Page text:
Our shop produces some of the finest icon boards in the United States. They are hand-made to order by experienced craftsmen. The skills necessary for producing the best icon boards include carpentry and plaster work, but additionally years of experience to handle the multitude of complications that can arise over the course of making an icon board.
Vertical Grain Linden
We put tremendous care into our true gesso boards even before the first coat of gesso is applied. Northern linden- preferred for it's tight grain, light weight, and stability is locally cut and sawn into rough planks by our chosen sawyers. After delivering the lumber to be kiln-dried, we finish them at their final thickness. We select as purely vertical grain boards as possible- adding even a higher level of stability. This is one example that sets our icon boards apart from those of other producers.
Quarter-sawn vs Plain-sawn
Warping, especially cupping, is a common problem in solid wood true gesso boards. It is evident in most old icons. We combat this with our choice of wood species as well as the best method of sawing.
Quarter-sawing is a more time consuming and expensive way of sawing a log. The end result however, is a board with vertical grain that has much greater stability that limits future warping. All our boards are made with such vertical grain wood.
Plain-sawn boards will expand and contract in width due to changing humidity levels throughout the year and when traveling from one climate to another. Quarter-sawn boards will do so at a much lesser extent.
Vertical Grain Braces
As an extra preventative against warping, we insert vertical grain red oak braces into dovetailed slots in the backs of the boards. Once again, due to being vertical grain the braces are more stable and will not shrink in width as much as if they are flat-sawn.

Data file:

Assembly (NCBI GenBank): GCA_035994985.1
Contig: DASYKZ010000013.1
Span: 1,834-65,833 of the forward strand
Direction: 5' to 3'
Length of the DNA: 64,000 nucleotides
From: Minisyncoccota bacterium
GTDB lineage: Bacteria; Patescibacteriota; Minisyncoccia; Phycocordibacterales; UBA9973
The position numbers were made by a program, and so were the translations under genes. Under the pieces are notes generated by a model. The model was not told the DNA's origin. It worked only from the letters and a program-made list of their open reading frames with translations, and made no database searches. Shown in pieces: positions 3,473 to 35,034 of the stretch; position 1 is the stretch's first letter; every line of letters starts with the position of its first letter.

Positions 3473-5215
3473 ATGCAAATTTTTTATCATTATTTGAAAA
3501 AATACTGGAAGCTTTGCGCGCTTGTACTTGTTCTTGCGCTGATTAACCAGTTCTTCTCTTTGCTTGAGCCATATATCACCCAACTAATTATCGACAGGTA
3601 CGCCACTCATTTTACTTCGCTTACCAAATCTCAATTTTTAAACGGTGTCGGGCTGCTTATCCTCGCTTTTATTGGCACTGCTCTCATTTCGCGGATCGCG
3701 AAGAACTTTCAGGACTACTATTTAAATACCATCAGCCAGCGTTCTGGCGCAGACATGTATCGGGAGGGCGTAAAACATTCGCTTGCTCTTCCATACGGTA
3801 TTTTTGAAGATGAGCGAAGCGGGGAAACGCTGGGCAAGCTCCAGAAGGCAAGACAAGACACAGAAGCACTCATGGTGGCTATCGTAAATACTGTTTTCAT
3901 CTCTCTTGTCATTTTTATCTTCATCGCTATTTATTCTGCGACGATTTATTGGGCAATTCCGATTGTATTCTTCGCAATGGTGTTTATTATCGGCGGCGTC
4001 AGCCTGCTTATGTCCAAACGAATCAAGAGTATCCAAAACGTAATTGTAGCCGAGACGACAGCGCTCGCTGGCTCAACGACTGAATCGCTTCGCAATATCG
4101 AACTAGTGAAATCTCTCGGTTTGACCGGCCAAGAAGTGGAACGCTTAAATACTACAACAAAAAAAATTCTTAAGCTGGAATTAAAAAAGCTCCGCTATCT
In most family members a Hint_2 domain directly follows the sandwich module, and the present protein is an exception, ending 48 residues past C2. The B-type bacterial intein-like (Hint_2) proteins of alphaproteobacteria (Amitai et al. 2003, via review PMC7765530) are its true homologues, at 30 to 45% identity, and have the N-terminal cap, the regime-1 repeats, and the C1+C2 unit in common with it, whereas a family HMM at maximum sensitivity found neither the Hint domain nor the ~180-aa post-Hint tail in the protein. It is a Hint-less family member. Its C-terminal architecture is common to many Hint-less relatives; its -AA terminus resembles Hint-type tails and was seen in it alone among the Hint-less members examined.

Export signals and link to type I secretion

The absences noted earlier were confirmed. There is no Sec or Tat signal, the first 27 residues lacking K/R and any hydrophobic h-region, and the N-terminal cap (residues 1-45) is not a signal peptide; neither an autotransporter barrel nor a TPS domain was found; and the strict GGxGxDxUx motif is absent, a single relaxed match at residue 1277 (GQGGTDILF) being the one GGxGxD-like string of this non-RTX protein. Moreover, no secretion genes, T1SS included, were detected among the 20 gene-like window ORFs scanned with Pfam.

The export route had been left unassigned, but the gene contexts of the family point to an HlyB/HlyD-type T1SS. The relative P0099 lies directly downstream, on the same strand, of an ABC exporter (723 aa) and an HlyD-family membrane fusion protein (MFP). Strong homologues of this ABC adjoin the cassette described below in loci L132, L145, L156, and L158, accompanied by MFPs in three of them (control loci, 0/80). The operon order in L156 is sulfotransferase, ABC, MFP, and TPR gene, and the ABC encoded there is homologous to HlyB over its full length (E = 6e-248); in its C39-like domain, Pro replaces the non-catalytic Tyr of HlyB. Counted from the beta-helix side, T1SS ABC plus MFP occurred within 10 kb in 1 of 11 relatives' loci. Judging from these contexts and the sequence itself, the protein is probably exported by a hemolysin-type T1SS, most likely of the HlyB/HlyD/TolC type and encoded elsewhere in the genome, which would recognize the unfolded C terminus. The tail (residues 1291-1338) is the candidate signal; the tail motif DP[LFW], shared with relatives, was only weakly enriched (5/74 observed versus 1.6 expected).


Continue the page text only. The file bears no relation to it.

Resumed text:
True Gesso Finish
Customers comment on the beautiful, smooth surface of our gesso. To begin the process of applying gesso, we seal the board with shellac. Next, we apply a pure linen cloth by soaking it in the rabbit hide glue and smoothing it over the surface of the board. Once the cloth is dried crisp over the board, we trim off the edges and begin the application of many coats of true gesso: a mixture of rabbit hide glue, chalk, and marble, suitable for egg tempera, oil, acrylic, encaustic, and more.
True Gesso Boards Hand-made with Care
The process of finishing the board at this point requires us to give much time and attention to detail. We've made the process our own and employ several techniques that are difficult to master, but give brilliant results. The finished white surface is porcelain-smooth. The back is finished with shellac to seal the wood. If you are looking for the finest true gesso boards available, then look no further.